October 22 is National Mammography Day. As a breast cancer survivor, I want to share my story with you in the hopes of saving lives.

In the U.S., about 1 in 8 women will develop an invasive stage breast cancer in their lifetime, and the death rates from breast cancer are the second highest for women after lung cancer. Breast cancer is also the most diagnosed cancer among American women due to the advancement of high-resolution imaging.

These are some scary statistics! So how do you avoid developing an invasive stage cancer? Early detection is your best bet and that is why you should be diligent about getting your mammogram.

The time I almost didn’t go

On September 15, 2015, my friend Noreen and I had been planning on getting our mammogram together, as we did every year. It had become a yearly ritual for us. We would go for our screening and then afterwards grab lunch together at a nice outdoor cafe. But that morning I told Noreen I didn’t feel up for it, and that I would go in January after the holidays.

My family and I had been transitioning my very fearful, resistant mom into an assisted living facility and it was not going well. After three middle-of-the-night frantic calls from my mom, I decided to postpone my mammogram appointment until she settled in.

“Don’t be ridiculous,” Noreen told me. “We go every year, and this year won’t be any different. Get dressed! Let’s go!” And in hindsight, boy am I glad she gave me the kick in the butt that I sorely needed that morning.

Don’t lose sight of your priorities

You might think that other things take precedent over this procedure—family issues, work-related deadlines… But I can tell you with assurance that staying committed to your yearly screening is super important. Early detection saves lives every year. I honestly believe that it saved mine that year.

My mammogram showed six dots on the image, and I was told that these were calcifications. My doctor said there was an 80 percent chance it was not breast cancer, but even so, she recommended that I have a biopsy. I had done this before, so I didn’t think of it as a big deal. But a few days after the biopsy, I was told I had Stage 0 breast cancer in my left breast, and I should do an MRI, which I did. That lead to a lumpectomy and getting tested to see if I had the breast cancer gene.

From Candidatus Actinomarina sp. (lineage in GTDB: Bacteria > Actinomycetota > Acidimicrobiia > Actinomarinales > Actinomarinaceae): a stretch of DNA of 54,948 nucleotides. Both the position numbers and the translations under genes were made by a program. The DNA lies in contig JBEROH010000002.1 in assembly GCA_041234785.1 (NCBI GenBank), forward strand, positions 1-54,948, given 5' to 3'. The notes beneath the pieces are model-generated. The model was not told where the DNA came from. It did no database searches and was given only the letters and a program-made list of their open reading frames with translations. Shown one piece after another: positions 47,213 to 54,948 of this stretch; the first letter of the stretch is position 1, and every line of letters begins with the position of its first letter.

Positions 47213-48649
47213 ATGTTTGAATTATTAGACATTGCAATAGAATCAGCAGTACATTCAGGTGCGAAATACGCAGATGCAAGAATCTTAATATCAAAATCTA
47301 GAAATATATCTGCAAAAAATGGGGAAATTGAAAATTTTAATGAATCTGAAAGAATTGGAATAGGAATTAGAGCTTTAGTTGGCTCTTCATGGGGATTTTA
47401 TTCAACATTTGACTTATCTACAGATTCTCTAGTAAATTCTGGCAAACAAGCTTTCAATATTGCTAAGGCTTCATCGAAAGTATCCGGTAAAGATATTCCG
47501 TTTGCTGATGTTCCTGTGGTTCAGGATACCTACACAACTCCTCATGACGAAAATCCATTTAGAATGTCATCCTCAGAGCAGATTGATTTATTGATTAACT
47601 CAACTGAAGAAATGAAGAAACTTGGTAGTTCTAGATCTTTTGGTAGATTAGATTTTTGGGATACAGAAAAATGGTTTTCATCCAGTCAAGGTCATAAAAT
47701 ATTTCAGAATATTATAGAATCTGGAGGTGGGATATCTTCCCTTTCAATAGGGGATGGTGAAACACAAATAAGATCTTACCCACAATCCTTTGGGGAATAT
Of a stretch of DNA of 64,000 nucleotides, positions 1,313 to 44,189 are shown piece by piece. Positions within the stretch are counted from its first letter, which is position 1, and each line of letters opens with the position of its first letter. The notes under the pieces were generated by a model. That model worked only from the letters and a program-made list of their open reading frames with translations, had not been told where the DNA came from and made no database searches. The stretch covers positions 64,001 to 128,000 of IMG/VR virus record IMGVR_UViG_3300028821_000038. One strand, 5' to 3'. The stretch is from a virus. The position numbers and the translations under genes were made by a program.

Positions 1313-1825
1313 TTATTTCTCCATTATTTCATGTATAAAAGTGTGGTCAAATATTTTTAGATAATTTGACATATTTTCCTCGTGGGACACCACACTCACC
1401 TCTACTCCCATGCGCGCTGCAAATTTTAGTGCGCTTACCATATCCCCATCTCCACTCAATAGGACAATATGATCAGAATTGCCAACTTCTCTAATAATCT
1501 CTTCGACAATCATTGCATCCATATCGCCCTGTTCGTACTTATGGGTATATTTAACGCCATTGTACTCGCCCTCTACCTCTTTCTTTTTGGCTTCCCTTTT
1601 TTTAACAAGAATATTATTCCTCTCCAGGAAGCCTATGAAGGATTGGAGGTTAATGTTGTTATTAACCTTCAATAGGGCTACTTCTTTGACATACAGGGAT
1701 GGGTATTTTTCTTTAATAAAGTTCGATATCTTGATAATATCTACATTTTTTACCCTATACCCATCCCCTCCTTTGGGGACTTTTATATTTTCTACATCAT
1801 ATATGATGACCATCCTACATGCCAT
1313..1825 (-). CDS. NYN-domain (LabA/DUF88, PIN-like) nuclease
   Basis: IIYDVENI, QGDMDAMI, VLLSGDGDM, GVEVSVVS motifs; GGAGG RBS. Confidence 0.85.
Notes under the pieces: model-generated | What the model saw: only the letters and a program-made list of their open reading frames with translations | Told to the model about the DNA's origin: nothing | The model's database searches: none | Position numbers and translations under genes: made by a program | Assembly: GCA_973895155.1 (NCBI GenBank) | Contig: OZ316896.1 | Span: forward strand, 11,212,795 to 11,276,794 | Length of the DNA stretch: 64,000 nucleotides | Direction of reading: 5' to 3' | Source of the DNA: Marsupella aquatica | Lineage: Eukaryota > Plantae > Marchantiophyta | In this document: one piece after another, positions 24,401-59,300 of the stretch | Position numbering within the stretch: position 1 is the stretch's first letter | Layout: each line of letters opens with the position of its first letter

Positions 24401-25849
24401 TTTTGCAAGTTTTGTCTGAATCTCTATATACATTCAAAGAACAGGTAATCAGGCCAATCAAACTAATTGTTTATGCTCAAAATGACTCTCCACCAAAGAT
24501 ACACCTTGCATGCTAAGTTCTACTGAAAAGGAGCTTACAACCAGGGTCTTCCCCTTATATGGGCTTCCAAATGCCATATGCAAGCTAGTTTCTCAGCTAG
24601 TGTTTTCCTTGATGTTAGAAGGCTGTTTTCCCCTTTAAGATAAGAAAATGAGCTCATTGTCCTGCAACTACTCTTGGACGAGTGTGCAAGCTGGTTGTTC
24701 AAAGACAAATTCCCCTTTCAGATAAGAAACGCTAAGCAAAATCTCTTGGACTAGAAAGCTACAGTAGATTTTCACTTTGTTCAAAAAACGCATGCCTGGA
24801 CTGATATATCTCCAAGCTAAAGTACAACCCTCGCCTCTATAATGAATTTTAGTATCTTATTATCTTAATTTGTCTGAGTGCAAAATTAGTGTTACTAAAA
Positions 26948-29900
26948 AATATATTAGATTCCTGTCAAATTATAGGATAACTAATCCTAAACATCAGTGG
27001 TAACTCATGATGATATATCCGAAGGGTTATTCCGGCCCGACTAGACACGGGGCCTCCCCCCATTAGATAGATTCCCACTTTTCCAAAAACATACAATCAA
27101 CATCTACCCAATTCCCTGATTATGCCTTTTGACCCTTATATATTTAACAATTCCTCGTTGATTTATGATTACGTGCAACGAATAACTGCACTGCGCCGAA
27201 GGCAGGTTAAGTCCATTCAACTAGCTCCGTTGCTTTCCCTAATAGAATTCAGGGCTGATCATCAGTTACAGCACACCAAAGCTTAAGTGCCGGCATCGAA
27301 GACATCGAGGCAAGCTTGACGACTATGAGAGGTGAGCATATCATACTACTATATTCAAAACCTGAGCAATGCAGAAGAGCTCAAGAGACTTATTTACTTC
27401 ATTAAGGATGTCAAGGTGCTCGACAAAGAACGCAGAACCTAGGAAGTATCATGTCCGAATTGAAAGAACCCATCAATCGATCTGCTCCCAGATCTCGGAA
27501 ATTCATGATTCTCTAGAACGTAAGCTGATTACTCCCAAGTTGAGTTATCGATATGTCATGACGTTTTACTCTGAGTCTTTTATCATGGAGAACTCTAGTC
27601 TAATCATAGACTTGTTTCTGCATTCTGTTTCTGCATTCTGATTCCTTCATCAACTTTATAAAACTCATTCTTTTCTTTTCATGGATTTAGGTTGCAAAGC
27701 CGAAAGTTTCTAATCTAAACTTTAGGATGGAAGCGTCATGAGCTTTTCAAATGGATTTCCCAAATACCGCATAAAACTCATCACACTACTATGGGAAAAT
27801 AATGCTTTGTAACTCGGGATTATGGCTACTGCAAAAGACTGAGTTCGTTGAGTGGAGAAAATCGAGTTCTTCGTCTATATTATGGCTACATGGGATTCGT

As it turns out, I tested positive for the breast cancer gene, putting me at a risk of over 50 percent of developing an invasive stage breast cancer. The recommendation was a double mastectomy, which I underwent in February 2016.

Was I happy that I got this news? Obviously not! But if I had postponed my mammogram for four more months until after the holidays, the stage of my cancer might have been more advanced.

Your self-care comes first

This was my second battle with cancer. I was diagnosed with lung cancer eight years earlier. Both cancers were caught in the early stages, and in hindsight, I truly believe that I was meant to detect those cancers early so I would become an advocate for early detection.

You might think that after having lung cancer, I would have been more diligent with my screenings. My lung cancer was detected early and that saved my life. Yet, due to difficult family matters with my mom, I almost postponed my yearly mammogram. How easily we forget to prioritize our own well-being when we get caught up in caring for others!

Here’s what I have learned and want to share: Go get your mammograms! Keep your appointment even if you might feel that you have too much on your plate. The procedure is never comfortable to do, but you can still turn it into a day to look forward to every year by making it a fun outing with your girlfriends or just for yourself! Go for lunch at your favorite restaurant, have a spa day, get a manicure, whatever works for you. Take care of yourself because no one is more important than YOU!